Comparative Media Studies
Established as a graduate program in 1999-2000, Comparative Media Studies aims to integrate the study of contemporary media (film, television, digital systems) with a broad historical understanding of older forms of human expression. The program embraces theoretical and interpretive principles drawn from the central humanistic disciplines of literary study, history, anthropology, art history and film studies, and aims as well for a comparative synthesis that is responsive to the distinctive emerging media culture of the 21st century. Students in the program are taught to explore the complexity of our media environment by learning to think across media and to see beyond the boundaries imposed by older medium-specific approaches to the study of audio-visual and literary forms.
The comparative and cross-disciplinary nature of both the graduate and undergraduate programs is embodied in a faculty drawn from Art and Architecture, Anthropology, Foreign Languages and Literatures, History, Literature, Music and Theater Arts, Philosophy, Writing and Humanistic Studies, Science Technology and Society, Media Arts and Sciences, and Political Science. Approximately 35 faculty members teach subjects in Comparative Media Studies.
The graduate program consists of a two-year course of study leading to a Master of Science degree. The program aims to prepare students for careers in fields such as journalism, teaching and research, government or public service, museum work, information science, corporate consulting, media industry marketing and management, and educational technology. Recent graduates are now employed by media and technology consulting firms, media production companies, and other colleges and universities. Four alumnae are pursuing advanced degrees at New York University, the University of California at Los Angeles, and at MIT, where two have been accepted to the doctoral program in Science, Technology, and Society.
CMS research themes cross academic disciplines and involve both traditional and emerging communications media, establishing a focus for public presentations, research agendas, and curricular initiatives. The primary research themes are Creativity and Communication in an Interactive Age; Generation.org–Childhood and Adolescence in a Hyper-mediated Culture; Informed Citizenship and the Culture of Democracy; Global Culture and Media; Media in Transition; and Transforming Humanities Education.
In 2001–2002, CMS ran three lab groups (Creativity and Communication in a Digital Age; Global Culture and Media; and Transforming Humanities Education) which met weekly and involved the graduate research assistants. CMS faculty, research staff, and visiting scholars, as well as other professionals and collaborators, led weekly discussions around both relevant theoretical scholarship in each area and how such ideas could be applied to the project-specific work being pursued by each group.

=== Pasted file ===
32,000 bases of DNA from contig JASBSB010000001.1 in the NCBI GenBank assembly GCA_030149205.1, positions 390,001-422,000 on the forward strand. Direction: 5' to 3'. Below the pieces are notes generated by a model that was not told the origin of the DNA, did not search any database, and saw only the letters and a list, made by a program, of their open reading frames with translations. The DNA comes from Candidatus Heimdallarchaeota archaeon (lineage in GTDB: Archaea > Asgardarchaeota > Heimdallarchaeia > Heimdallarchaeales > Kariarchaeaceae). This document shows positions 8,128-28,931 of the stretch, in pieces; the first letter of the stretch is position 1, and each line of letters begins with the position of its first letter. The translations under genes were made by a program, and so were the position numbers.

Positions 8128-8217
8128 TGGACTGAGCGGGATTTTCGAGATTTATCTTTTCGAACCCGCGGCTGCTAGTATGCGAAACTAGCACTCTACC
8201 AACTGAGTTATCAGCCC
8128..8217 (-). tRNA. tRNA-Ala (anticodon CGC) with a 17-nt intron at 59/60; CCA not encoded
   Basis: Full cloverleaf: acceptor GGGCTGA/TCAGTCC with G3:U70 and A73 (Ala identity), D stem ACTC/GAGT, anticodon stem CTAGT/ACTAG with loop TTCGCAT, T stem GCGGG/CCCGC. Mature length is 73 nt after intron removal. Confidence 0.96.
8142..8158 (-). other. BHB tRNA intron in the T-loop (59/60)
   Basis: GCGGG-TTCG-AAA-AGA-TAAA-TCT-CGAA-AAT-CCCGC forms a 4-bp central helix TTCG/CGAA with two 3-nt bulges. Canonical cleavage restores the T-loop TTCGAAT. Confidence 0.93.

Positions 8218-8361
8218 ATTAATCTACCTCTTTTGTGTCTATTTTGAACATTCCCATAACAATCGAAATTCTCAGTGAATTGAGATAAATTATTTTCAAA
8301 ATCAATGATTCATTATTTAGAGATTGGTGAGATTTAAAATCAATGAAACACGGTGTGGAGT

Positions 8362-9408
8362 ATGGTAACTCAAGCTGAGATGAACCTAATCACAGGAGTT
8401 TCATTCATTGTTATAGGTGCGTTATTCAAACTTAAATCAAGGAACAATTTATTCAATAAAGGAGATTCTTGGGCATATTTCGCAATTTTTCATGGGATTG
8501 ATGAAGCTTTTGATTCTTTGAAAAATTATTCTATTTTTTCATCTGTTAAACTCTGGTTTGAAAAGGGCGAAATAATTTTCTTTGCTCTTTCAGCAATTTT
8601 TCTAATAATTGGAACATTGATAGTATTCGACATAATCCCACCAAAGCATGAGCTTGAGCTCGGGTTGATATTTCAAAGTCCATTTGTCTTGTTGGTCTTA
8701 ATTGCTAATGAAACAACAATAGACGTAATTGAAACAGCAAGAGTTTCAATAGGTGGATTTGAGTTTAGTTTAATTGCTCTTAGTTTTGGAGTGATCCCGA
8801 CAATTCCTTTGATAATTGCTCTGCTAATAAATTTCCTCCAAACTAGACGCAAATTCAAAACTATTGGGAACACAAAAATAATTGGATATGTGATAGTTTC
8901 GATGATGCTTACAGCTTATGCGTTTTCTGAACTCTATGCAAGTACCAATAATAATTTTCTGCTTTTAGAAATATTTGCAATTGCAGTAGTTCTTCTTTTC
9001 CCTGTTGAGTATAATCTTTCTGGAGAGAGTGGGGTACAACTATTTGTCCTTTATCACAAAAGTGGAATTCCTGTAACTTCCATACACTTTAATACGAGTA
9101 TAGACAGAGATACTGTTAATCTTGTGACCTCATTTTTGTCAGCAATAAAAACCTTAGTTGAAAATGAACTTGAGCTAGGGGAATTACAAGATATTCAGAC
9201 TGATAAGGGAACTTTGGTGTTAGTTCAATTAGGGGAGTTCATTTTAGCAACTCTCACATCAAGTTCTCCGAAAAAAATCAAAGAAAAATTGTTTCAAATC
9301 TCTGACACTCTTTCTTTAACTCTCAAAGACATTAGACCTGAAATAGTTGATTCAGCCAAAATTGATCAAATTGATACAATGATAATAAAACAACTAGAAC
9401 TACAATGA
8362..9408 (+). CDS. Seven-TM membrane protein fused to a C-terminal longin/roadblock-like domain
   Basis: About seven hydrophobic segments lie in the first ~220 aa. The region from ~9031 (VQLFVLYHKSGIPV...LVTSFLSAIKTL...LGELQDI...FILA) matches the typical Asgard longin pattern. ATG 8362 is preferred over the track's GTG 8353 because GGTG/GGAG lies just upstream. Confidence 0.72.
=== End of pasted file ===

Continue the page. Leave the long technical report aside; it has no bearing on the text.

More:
The iCampus Games-to-Teach Project, run in partnership with the Learning Sciences and Technologies Group of Microsoft Research, focused on the interactive, immersive, and narrative potential of digital games as an educational medium. Over the past year, CMS explored a variety of new pedagogical models using games and applied these models to a series of conceptual game prototypes designed to support advanced high school and first-year college science and engineering curricula. This coming year, CMS will develop a smaller set of working prototypes to use and assess in MIT curricula during spring 2003; the project will also extend conceptual development to include prototypes in the humanities and social sciences.
The MetaMedia Archive Project, funded by the D'Arbeloff Award for Excellence in Education, began development of interactive archive models for use across a broader range of topics in the humanities and social sciences; early projects included work in Shakespeare, Melville, and German and Spanish language and culture. Intended to serve as modules that teachers and students could use to explore rich subject areas, create rhetorical multi-media documents, and collaborate over the Internet, early MetaMedia Archives have stretched instructors' and students' notions of textbook, research paper, and classroom. Development will continue on additional mini-archives through the coming year, including projects on oral history, early comic strips, and dance.
As part of the Electronic Arts Creative Leaders Workshops, CMS faculty conducted seminars for producers and other creative developers at Electronic Arts. These seminars afford discussion around basic concepts for thinking about the interplay between character, plot, and emotion, drawing examples from both traditional arts (literature, theater, cinema, television, opera) and from contemporary computer and video games.
In September 2001, a volunteer group of CMS faculty and students conceived and launched a web site for teachers and students to "reflect on humanity and media after tragedy." Re:constructions was launched within a week of the terrorist attacks of 11 September and provided a place where visitors could find essays, resources, and lessons to help them better understand some of what they saw, heard, or experienced through various media and in cultural and social spaces. The URL for the site is http://web.mit.edu/cms/reconstructions/.